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Prevalence of mental health disorders in inflammatory bowel disease: an Australian outpatient cohort

Authors Tribbick D, Salzberg M, Ftanou M, Connell W, Macrae F, Kamm M, Bates G, Cunningham G, Austin D, Knowles S

Received 14 February 2015

Accepted for publication 3 April 2015

Published 17 July 2015 Volume 2015:8 Pages 197—204

DOI https://doi.org/10.2147/CEG.S77567

Checked for plagiarism Yes

Review by Single-blind

Peer reviewer comments 3

Editor who approved publication: Professor Andreas M Kaiser

Davina Tribbick,1 Michael Salzberg,2,3 Maria Ftanou,2,4 William R Connell,5 Finlay Macrae,6,7 Michael A Kamm,5,6,8 Glen W Bates,1 Georgina Cunningham,5 David W Austin,9 Simon R Knowles1–3,6,7

1Faculty of Life and Social Sciences, Swinburne University of Technology, Melbourne, VIC, Australia; 2Department of Psychiatry, St Vincent's Hospital, Melbourne, VIC, Australia; 3Department of Psychiatry, The University of Melbourne, Melbourne, VIC, Australia; 4Melbourne School of Population and Global Health, The University of Melbourne, Melbourne, VIC, Australia; 5Department of Gastroenterology, St Vincent's Hospital, Melbourne, VIC, Australia; 6Colorectal Medicine and Genetics, The Royal Melbourne Hospital, Melbourne, VIC, Australia; 7Department of Medicine, University of Melbourne, Melbourne, VIC, Australia; 8Imperial College, London, UK; 9Department of Psychology, Deakin University, Melbourne, VIC, Australia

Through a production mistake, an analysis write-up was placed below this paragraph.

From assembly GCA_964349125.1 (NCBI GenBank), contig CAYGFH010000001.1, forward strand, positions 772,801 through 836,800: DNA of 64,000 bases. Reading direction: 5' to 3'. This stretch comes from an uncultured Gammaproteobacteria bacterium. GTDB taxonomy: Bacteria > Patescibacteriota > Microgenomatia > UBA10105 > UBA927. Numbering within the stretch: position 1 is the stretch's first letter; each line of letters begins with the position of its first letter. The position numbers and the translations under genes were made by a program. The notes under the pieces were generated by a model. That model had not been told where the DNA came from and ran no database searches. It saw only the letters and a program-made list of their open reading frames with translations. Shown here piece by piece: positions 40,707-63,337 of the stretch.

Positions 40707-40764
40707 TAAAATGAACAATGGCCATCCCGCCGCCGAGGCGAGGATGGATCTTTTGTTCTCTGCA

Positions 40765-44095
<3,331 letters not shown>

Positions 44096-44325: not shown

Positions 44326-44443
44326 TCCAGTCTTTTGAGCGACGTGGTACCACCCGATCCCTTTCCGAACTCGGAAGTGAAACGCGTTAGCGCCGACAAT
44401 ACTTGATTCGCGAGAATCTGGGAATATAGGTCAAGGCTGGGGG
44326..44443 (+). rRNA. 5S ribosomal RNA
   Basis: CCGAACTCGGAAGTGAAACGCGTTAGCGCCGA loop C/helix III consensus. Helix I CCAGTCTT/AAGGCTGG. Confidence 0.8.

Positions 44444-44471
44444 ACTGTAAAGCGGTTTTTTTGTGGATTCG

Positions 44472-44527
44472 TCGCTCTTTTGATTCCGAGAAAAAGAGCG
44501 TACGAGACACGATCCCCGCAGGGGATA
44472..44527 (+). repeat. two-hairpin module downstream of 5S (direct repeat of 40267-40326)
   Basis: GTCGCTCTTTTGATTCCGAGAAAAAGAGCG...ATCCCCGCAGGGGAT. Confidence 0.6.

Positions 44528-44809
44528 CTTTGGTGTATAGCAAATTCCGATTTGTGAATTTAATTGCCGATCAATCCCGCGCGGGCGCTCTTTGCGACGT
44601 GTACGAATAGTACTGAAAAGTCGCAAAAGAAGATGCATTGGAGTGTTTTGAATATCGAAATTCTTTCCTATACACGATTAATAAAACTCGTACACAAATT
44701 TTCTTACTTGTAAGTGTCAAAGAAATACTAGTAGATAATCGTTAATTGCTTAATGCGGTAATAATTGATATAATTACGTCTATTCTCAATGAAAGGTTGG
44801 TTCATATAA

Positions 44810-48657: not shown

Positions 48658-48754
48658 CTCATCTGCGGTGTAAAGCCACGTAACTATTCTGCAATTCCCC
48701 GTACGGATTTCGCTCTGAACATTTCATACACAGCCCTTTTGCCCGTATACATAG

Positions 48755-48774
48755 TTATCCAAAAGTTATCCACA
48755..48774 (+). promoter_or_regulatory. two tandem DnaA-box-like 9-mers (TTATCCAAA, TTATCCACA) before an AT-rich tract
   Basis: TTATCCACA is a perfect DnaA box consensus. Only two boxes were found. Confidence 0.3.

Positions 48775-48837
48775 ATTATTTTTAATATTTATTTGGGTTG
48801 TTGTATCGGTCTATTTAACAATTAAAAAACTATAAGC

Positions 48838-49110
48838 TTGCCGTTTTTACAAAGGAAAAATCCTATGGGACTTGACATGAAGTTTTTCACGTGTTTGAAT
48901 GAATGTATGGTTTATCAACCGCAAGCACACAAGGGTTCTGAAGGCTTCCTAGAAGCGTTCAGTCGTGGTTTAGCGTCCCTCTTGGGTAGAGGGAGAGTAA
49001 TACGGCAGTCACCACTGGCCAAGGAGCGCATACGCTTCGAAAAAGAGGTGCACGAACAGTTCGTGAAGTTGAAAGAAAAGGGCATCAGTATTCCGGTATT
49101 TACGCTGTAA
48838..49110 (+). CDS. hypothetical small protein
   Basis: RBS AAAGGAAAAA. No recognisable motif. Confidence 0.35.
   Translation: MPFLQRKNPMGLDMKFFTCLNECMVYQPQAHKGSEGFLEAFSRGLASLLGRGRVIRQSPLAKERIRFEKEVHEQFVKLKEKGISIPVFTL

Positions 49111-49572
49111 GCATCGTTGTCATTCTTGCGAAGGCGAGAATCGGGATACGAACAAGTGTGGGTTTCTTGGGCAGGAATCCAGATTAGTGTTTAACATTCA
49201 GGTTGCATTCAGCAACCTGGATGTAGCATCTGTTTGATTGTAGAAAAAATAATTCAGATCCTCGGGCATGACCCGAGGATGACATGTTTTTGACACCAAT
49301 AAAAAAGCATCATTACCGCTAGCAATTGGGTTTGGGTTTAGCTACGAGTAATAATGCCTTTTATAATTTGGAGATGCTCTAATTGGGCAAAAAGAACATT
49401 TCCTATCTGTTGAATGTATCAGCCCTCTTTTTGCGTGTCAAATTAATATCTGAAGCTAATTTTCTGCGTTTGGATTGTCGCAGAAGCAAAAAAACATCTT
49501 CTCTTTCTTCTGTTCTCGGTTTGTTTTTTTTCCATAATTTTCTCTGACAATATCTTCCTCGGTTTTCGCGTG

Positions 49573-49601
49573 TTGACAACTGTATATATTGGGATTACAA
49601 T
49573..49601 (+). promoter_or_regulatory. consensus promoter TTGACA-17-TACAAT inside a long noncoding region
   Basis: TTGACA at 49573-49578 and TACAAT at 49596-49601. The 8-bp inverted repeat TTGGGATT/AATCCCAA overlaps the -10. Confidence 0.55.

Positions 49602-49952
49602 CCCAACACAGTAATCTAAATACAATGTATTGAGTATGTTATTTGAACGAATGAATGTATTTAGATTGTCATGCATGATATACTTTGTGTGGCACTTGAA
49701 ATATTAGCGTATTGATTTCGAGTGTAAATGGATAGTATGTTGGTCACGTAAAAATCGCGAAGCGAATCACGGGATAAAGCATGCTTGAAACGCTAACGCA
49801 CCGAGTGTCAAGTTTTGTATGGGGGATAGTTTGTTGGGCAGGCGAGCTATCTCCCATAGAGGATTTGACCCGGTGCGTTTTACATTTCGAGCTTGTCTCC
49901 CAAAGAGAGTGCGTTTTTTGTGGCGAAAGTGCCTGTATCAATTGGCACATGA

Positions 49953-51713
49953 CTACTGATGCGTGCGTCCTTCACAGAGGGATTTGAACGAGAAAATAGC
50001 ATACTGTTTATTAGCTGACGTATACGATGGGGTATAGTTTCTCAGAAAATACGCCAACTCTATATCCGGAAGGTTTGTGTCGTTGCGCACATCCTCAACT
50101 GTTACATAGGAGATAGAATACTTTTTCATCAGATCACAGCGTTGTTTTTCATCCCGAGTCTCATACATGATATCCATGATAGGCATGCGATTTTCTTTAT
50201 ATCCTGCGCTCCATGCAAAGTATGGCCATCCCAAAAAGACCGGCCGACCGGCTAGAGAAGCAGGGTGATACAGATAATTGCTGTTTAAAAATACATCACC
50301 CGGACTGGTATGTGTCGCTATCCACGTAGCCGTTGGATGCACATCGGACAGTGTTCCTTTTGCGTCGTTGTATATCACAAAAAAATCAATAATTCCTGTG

Background: This study aimed to characterize prevalence of anxiety and depressive conditions and uptake of mental health services in an Australian inflammatory bowel disease (IBD) outpatient setting.
Methods: Eighty-one IBD patients (39 males, mean age 35 years) attending a tertiary hospital IBD outpatient clinic participated in this study. Disease severity was evaluated according to the Manitoba Index. Diagnosis of an anxiety or depressive condition was based upon the Mini-International Neuropsychiatric Interview and the Hospital Anxiety and Depression Scale.
Results: Based on Hospital Anxiety and Depression Scale subscale scores >8 and meeting Mini-International Neuropsychiatric Interview criteria, 16 (19.8%) participants had at least one anxiety condition, while nine (11.1%) had a depressive disorder present. Active IBD status was associated with higher prevalence rates across all anxiety and depressive conditions. Generalized anxiety was the most common (12 participants, 14.8%) anxiety condition, and major depressive disorder (recurrent) was the most common depressive condition reported (five participants, 6.2%). Seventeen participants (21%) reported currently seeking help for mental health issues while 12.4% were identified has having at least one psychological condition but not seeking treatment.
Conclusion: We conclude that rates of anxiety and depression are high in this cohort, and that IBD-focused psychological services should be a key component of any holistic IBD service, especially for those identified as having active IBD.

Keywords: inflammatory bowel disease, psychological conditions, disease activity

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